Fig. 2.Culicoides paradoxalis, donde A) hembra adulta, B) patrón alar femenino, C) tarsómeros 3 (t3), 4 (t4) y 5 (t5) de la pata medial, donde las flechas indican las espinas, D) piezas bucales y palpos, la flecha indicando la depresión sensorial, E) ojos, F) flagelómeros antenales de hembra: 1 (f1), 2 (f2) y de macho (f13), donde las flechas indican las sensilas celocónicas, G) genitalia femenina y, H) genitalia masculina.


Later species having individual depressions, giving an appearance of irregular borders that corresponds to small groups of shadow sensory pits. There are other additional anatomical features that might be diagnostic. However, they are quite similar across other species of the subgenus. Eyes contiguously joined for a short distance (1-2 facets), a characteristic with high intraspecific variation across specimens (Fig. 2E). Four sensilla coeloconica on flagellomere 1 were observed in most of the specimens studied (Fig. 2F). Female genitalia have two functional pyriform spermathecae, subequal with a small neck, plus one rudimentary spermatheca with digital shape (Fig. 2G).

Males are typically rare in field collections (González, 2014), and their identification is usually based on genitalia supported by wing pattern. A single male of this species was collected with genitalia characteristics compatible with C. paradoxalis (Fig. 2H), as Ramilo et al. (2013) pointed out. Additionally, sensilla coeloconica distribution differs between species: C. paradoxalis has sensilla coeloconica on flagellomeres 1, 12 and 13 (Fig. 2F); C. newsteadi and C. lupicaris on flagellomeres 1, 11-13. The presence of sensilla coeloconica on flagellomere 11 is polymorphic for C. newsteadi and C. lupicaris (Delécolle, 1985).

Regarding seasonal collections, most European species produce between one generation (univoltine) and several generations annually (multivoltine) (Sarto i Monteys & Saiz-Ardanaz, 2003; Miranda et al., 2003; González et al., 2013a, 2013b). Seasonal dynamics of Culicoides are determined by climatic factors, mainly rainfall and temperature, depending on each species, but also by chemical characteristics of breeding sites (Uslu & Dik, 2010; Venail et al., 2012). Culicoides paradoxalis displayed a high peak of activity with maximum abundance in July and declined during early autumn (Fig. 3). This suggests a univoltine pattern for this species in contrast to C. lupicaris, which is a bivoltine species with peak activity from May to August and from October to November in the Basque Country region (González et al., 2013a). These seasonal dynamics have also been observed for C. pulicaris in Sardinia (Foxi et al., 2011) and the Basque Country (González, 2014), where the species shows a first generational peak (late April/early May), on average larger than the second one (late summer/early autumn). In Extremadura, in contrast, C. pulicaris shows a single peak of activity in June and July, according to current and historical data (Sánchez Murillo et al., 2011).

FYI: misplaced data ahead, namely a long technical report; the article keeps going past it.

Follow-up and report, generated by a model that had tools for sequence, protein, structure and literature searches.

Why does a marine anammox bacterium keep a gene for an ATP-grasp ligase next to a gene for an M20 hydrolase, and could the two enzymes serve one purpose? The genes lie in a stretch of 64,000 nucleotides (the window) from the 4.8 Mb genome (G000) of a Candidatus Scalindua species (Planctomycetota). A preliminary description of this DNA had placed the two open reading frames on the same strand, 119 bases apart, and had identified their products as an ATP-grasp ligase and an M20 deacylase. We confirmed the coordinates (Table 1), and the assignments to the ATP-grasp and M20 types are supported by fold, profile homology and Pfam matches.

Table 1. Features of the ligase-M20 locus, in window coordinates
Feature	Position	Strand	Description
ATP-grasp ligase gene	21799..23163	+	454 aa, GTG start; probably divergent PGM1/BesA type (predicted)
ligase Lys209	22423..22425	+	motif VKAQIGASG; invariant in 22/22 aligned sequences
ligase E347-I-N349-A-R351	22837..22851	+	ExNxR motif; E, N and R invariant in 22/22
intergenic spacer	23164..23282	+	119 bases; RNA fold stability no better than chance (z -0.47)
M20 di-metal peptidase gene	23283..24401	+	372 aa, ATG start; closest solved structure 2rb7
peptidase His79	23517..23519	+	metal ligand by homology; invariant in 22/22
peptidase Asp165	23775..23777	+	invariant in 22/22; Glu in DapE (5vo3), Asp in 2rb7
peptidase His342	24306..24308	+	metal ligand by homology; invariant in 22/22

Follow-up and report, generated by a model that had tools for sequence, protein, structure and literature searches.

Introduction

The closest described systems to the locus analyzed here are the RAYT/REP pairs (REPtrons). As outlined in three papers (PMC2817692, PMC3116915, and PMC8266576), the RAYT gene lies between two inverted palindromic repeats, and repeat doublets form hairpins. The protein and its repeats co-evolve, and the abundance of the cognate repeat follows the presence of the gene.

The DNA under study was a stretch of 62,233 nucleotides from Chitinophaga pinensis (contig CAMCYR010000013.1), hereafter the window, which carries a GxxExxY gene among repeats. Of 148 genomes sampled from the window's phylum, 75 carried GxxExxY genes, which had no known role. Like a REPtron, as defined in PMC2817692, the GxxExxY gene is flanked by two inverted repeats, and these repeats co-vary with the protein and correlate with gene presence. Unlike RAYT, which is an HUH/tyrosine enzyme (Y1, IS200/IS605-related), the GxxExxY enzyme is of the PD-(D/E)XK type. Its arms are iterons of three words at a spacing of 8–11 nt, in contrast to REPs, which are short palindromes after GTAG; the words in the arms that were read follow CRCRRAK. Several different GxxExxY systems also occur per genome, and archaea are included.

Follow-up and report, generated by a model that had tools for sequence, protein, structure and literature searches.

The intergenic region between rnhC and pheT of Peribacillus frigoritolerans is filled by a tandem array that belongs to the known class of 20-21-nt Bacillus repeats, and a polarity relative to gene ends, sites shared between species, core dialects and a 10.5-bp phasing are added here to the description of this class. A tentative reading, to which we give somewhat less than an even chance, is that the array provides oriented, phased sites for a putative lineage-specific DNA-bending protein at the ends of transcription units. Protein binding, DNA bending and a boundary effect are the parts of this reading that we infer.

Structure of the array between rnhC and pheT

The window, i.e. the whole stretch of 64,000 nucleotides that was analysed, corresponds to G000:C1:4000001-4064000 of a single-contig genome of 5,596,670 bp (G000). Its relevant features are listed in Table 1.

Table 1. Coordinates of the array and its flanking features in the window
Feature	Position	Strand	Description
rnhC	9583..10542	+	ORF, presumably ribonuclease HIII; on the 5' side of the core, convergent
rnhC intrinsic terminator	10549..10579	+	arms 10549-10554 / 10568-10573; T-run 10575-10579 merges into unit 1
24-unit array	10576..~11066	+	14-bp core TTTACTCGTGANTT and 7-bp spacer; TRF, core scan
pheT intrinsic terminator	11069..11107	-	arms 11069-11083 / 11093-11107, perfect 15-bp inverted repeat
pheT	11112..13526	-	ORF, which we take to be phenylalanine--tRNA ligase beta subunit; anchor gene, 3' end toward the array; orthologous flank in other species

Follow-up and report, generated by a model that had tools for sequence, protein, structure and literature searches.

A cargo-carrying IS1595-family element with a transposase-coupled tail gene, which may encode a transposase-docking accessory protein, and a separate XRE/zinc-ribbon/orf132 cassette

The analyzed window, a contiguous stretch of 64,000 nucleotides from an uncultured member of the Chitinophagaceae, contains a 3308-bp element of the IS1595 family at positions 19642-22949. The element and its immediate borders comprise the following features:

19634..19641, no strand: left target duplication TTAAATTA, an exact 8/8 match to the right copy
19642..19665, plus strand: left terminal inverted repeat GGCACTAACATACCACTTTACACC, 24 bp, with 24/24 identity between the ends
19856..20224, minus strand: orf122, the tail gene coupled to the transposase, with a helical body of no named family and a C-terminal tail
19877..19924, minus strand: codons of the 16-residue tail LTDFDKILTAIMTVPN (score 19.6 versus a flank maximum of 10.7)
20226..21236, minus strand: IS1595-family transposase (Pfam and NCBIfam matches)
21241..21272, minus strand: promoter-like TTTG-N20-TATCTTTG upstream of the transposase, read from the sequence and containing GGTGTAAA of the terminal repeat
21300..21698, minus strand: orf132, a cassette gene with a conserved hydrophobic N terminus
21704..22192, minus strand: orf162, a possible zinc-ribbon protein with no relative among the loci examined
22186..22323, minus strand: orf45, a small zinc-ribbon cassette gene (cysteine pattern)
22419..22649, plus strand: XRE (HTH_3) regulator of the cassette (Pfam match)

Fig. 3.— Annual flight activity of Culicoides paradoxalis in Extremadura. Bars correspond to total captures gathered monthly in the three sampling sites over 2014 and black star represents the single male collected.
Fig. 3.— Actividad anual de vuelo de Culicoides paradoxalis en Extremadura. Las barras corresponden con las capturas totales mensuales en los tres puntos de muestreo durante 2014 y la estrella representa el único macho capturado.


Gonotrophic status examination revealed that 74,5% were nulliparous and 25,5% parous, with no specimens belonging to gravid or blood-engorged stages. The high number of nulliparous females is characteristic of the summer season when more midges emerge (Lysyk, 2007). The estimation of the physiological stages in a population is important for various reasons, particularly because the determination of the parous gonotrophic stage in epidemiological studies serves to give an idea of the potential capacity of these midges for transmitting virus (EFSA, 2008) as well as an indicator of the population age structure (Mullens & Schmidtmann, 1982).

Culicoides species of subgenus Avaritia (Culicoides obsoletus, Culicoides scoticus, Culicoides imicola, Culicoides chiopterus and Culicoides dewulfi) are thought to be the primary vectors of BTV and SBV in the Mediterranean region, based on abundance and host preference, vector competence studies, and isolation or detection of virus in field-collected midges (see Garros et al., 2014). Similarly, species of subgenus Culicoides are implicated as vectors of BTV (Caracappa et al., 2003; Vanbinst et al., 2009; Romón et al., 2012) and SBV (De Regee et al., 2012; Elbers et al., 2013; Balenghien et al., 2014). In Europe, more recently, some members of subgenus Culicoides are increasingly being implicated as suspected vectors, such as Culicoides punctatus (Larska et al., 2013) and Culicoides nubeculosus (Balenghien et al., 2014), while C. imicola is considered to be the main vector of BTV and AHS in Spain (Calvete et al., 2008).

Considering that C. paradoxalis is a member of the pulicaris group, closely related to species that play a role in BTV and SBV, their accurate identification to species level is crucial in epidemiological investigations, as great differences in vectorial capacity are found even between these species. However, morphological identification of Culicoides is considered challenging, requiring significant expertise and is restricted to relatively few entomologists in Europe (Koenraadt et al., 2014). Unfortunately, due to the large number of samples that taxonomists and specialists have to face daily, this species has most probably been notoriously overlooked in field-based studies, because of its resemblance to other members of subgenus Culicoides. Re-examination of stored specimens in preparations and/or those preserved in alcohol could provide more details about its presence in other regions of Spain.